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THE DEATH OF AMNON. A POEM.

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THE DEATH OF AMNON.

CANTO THE FIRST.

1 The Royal youth I sing, whose sister's charms
2 Inspir'd his heart with love; a latent love
3 That prey'd upon his health; he droop'd; so droops
4 A beauteous flow'r, when in the stalk some vile
5 Opprobrious insect 'bides. In conscious pain
6 He pass'd the hapless hours, while in his breast
7 Th' aspiring passion, yet by virtue sway'd,
8 It's proper limits knew. I love, said he,
9 Whom do I love? my sister ah; my sister;
10 Can I my misplac'd passion gratify,
11 And bring disgrace on her? No, sweetest maid,
12 I am thy brother; 'tis a brother's part
13 Thy honour to protect and not destroy.
14 When Shechem burning with untam'd desire
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15 Dishonour'd Dinah, how her brethren rag'd!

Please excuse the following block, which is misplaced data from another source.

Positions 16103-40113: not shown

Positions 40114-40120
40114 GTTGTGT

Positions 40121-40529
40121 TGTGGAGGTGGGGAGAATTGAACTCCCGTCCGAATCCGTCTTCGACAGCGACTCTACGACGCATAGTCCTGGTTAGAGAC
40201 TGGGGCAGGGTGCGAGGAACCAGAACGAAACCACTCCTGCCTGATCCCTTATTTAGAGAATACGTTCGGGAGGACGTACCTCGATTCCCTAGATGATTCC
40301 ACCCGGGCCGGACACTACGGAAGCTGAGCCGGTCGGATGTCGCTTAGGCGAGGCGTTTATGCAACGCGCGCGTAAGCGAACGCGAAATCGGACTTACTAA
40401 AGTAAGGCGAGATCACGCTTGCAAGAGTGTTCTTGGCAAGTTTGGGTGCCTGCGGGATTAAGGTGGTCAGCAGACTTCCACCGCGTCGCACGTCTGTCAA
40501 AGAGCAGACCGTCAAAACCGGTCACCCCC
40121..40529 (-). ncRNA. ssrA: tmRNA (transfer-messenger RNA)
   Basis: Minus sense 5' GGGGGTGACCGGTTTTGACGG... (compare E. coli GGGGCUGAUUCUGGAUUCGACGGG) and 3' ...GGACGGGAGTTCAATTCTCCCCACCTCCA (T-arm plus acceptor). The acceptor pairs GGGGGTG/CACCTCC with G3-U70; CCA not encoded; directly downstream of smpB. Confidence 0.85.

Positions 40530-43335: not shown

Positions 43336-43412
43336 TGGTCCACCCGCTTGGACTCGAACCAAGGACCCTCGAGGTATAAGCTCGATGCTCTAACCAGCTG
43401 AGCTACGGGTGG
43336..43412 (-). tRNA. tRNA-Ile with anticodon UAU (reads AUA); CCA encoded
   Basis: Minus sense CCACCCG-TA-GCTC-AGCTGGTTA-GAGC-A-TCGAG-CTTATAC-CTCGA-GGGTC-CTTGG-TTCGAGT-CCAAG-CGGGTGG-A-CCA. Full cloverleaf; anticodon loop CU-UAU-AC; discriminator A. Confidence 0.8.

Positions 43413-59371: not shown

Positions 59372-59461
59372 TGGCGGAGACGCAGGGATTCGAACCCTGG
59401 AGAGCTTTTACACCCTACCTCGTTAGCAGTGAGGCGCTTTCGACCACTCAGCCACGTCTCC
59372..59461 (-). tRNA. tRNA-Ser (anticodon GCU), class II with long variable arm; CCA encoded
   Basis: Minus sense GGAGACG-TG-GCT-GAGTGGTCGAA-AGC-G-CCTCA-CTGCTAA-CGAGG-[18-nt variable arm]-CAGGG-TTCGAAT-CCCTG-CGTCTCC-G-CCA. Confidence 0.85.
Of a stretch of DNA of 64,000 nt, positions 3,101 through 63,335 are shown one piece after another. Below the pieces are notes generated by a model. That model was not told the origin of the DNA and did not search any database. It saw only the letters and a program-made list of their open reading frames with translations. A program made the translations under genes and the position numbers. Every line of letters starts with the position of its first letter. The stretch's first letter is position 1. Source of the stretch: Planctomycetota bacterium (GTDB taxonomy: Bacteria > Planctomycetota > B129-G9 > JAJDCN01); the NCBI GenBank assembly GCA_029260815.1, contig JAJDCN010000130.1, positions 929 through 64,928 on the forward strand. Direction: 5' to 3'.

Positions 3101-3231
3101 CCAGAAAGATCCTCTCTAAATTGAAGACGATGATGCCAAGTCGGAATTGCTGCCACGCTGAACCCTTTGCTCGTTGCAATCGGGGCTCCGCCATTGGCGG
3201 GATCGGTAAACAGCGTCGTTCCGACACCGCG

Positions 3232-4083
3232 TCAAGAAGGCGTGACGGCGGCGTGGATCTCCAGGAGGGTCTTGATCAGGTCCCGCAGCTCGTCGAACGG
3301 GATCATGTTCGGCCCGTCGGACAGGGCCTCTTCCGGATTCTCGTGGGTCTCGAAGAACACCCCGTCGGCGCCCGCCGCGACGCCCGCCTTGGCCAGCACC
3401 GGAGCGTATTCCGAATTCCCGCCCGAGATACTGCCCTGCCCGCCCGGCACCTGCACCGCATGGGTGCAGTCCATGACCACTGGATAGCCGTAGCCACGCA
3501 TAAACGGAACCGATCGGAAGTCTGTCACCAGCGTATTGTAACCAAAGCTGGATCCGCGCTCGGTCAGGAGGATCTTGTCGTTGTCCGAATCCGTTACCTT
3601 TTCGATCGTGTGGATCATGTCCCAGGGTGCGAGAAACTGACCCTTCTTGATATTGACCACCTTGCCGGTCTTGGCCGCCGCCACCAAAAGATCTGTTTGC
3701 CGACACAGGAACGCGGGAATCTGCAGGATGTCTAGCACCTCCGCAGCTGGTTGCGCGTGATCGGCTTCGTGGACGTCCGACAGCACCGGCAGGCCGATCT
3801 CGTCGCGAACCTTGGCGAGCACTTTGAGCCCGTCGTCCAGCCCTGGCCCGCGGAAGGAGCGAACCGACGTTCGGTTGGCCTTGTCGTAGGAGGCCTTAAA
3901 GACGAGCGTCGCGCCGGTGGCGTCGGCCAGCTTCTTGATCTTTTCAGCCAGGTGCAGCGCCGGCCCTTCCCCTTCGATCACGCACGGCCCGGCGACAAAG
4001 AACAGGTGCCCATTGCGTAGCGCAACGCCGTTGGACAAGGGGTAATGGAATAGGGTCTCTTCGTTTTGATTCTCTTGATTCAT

16 Each took his sword, the princely ravisher,
17 And every citizen a victim fell
18 To their just fury. I'm an Isra'lite;
19 Shall I forego this high prerogative,
20 And plunge myself and sister into ruin?
21 An act that ev'n an heathen would degrade.
22 No; sooner shall my passion unreveal'd
23 Lie cank'ring in my bosom, till it taints
24 My very blood, and stops my panting breath.
25 Better my lov'd companions pass my grave,
26 And shed a tear to think I died so young,
27 Than shun me living as a vile reproach
28 To nature, royalty, and Israel.
29 Already I perceive my strength to fail,
30 The ruddy bloom of health forsakes my cheeks;
31 Perhaps death's not far off. O welcome guest,
32 Hasten thy tardy steps, why linger'st thou,
33 Or wait'st on those, who wish thee far away?
34 O thou, that hast the pow'rs of life and death,
35 Take hence my life, and end my wretchedness.
36 A spacious land I see on ev'ry side
37 Bless'd with fertility; the cultur'd vales
38 Yield plenteous crops; the rising hills are rich,
39 With verdant pasture mantled, crown'd with trees;
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40 My father's kingdom this. What is't to me?